When the Facts Change: Essays 1995-2010 by Tony Judt - book review: An idealist who believed there is such a thing as society

Free of barrel-scraping, this is a welcome addition to the historian's oeuvre

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The Independent Culture

Sometimes life throws up fortuitous cultural combinations. It was satisfying to watch Polish director Pawel Pawlikowski’s beautiful, devastating film Ida recently while considering the English historian Tony Judt’s posthumous essay collection. Judt’s writing on Eastern European history and identity provided context for Pawlikowski’s drama about Poles living amid the legacy of the Holocaust and the realities of communism.

I doubt Judt, who died of motor neurone disease aged 62 in 2010, would mind me mentioning Ida because his understanding of the ways art and history inform and illuminate each other is one of this book’s many qualities.

 

Jennifer Homans, Judt’s widow and the book’s editor, sets the tone with her perfectly pitched introduction, offering personal insights and describing “a clear-eyed realist… and idealist who aimed at nothing less than the well-lived life; not just for himself but for society.” Whether discussing Marx or the Marx brothers, the EU or UN, the Middle East or the social function of railways, Judt’s range and clarity are magisterial.

Under five thematic headings, essays appear in chronological order. Judt, an ardent Zionist in the 1960s, sounds increasingly pessimistic about the prospects for peace between Israel and Palestine.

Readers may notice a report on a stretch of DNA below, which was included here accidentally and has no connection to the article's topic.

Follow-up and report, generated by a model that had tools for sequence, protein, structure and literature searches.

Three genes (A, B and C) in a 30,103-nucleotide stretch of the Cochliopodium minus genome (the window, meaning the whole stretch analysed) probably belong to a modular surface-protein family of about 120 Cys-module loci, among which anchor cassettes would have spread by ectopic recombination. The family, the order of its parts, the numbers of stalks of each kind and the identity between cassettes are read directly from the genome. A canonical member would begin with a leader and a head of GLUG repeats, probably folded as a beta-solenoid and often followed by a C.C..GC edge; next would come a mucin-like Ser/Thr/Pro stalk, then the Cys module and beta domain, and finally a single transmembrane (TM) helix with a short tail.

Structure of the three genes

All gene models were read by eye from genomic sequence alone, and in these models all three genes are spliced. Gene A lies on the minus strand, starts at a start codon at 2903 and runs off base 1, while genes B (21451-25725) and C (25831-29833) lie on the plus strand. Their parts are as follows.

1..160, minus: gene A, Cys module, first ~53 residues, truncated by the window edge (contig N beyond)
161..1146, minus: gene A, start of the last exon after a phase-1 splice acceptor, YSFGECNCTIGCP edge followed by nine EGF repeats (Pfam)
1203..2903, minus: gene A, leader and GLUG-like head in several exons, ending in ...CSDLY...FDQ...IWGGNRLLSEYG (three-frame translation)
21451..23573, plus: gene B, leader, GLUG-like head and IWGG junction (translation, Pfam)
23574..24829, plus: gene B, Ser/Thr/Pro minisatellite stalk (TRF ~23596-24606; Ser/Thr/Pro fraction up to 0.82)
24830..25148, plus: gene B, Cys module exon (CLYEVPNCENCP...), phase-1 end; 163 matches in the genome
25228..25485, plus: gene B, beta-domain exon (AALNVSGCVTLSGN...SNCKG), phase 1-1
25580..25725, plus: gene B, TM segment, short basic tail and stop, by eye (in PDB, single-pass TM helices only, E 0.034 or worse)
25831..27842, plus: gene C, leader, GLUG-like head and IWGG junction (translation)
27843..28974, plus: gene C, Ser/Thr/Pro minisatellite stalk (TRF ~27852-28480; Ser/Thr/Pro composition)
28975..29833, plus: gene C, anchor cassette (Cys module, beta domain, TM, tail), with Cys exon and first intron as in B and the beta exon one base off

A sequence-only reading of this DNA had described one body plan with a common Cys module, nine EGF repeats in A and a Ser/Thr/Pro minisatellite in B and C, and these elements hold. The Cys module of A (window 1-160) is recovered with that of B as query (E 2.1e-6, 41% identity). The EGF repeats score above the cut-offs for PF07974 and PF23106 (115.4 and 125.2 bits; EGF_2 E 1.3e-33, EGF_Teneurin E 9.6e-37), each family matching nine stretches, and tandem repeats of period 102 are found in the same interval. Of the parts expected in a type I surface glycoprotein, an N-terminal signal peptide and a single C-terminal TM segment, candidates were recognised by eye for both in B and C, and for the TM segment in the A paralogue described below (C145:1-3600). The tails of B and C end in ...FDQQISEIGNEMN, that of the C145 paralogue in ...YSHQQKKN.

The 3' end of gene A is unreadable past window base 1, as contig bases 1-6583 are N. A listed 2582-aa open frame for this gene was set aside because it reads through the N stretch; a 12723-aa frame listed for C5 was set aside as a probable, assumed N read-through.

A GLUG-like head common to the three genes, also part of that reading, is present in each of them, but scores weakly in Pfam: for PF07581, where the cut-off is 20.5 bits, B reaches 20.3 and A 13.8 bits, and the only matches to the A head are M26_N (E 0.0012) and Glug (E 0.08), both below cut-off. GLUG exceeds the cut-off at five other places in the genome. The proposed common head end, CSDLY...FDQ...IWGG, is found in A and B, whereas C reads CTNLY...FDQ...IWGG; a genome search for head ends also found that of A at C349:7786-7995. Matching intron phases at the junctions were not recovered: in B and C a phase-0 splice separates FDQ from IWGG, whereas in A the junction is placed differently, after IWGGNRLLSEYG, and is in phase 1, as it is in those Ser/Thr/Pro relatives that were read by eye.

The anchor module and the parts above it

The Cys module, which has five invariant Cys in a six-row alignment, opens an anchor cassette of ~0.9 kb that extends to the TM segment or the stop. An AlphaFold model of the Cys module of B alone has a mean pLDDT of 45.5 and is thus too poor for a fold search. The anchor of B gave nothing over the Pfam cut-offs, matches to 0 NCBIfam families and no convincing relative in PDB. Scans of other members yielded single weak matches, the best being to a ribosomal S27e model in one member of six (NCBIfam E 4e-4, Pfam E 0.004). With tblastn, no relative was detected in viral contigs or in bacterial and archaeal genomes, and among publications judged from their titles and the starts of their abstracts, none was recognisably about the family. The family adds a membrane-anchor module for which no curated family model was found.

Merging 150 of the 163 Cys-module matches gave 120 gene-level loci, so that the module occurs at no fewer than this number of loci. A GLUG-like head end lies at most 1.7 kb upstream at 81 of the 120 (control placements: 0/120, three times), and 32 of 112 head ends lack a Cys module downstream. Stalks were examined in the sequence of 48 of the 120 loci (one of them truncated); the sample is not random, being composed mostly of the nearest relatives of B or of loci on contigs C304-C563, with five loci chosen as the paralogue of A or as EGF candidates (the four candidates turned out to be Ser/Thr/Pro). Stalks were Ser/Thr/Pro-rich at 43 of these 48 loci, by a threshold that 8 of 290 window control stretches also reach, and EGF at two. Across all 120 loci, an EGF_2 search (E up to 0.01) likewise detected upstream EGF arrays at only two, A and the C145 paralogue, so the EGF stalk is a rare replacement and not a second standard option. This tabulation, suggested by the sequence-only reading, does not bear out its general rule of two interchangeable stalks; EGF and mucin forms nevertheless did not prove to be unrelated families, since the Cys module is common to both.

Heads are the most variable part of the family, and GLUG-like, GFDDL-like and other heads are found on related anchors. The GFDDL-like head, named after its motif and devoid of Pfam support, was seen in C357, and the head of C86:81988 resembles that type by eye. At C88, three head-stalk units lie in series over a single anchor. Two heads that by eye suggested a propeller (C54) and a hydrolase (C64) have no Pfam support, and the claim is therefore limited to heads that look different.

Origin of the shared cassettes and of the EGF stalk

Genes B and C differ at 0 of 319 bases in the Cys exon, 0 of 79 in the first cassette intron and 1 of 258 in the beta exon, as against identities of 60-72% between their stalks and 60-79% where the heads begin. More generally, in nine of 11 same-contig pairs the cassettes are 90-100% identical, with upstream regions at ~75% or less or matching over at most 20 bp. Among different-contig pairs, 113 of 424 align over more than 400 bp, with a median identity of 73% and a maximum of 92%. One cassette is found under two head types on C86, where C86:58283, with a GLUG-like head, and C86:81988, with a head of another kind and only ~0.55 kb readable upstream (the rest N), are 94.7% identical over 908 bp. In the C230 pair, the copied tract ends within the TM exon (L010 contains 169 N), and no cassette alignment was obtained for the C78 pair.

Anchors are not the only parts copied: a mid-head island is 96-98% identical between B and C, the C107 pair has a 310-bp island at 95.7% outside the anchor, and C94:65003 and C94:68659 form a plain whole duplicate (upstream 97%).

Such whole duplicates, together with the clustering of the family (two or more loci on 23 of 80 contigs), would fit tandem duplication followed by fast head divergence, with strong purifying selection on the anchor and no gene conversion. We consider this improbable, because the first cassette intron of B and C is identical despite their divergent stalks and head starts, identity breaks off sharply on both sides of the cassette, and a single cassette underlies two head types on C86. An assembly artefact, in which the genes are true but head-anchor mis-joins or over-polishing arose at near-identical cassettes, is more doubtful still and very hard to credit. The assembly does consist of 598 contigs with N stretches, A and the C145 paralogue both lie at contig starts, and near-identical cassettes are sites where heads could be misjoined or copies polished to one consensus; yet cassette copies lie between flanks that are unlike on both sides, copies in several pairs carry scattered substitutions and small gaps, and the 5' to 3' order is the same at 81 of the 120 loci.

In 2002, he writes: “(Israel) is an oddity among nations not – as its more paranoid supporters assert – because it is a Jewish state and no one wants Jews to have a state; but because it is a Jewish state in which one community – Jews – is set above others, in an age when that sort of state has no place.” 

Teaching at American universities allowed Judt to witness the “militarisation” of US society after 9/11. A dangerous tendency today, he says, is the will to “deny continuity and proclaim novelty”, which is why politicians talk about unprecedented threats even though terrorism is the ancient weapon of the weak.

We also risk dismantling 20th-century achievements, including the welfare state, if we forget the dire conditions which necessitated their invention.

Free of the barrel-scraping that often blights posthumous publications, this is a welcome addition to Judt’s oeuvre.

Order for £20 (free p&p) from the Independent Bookshop: 08430 600 030

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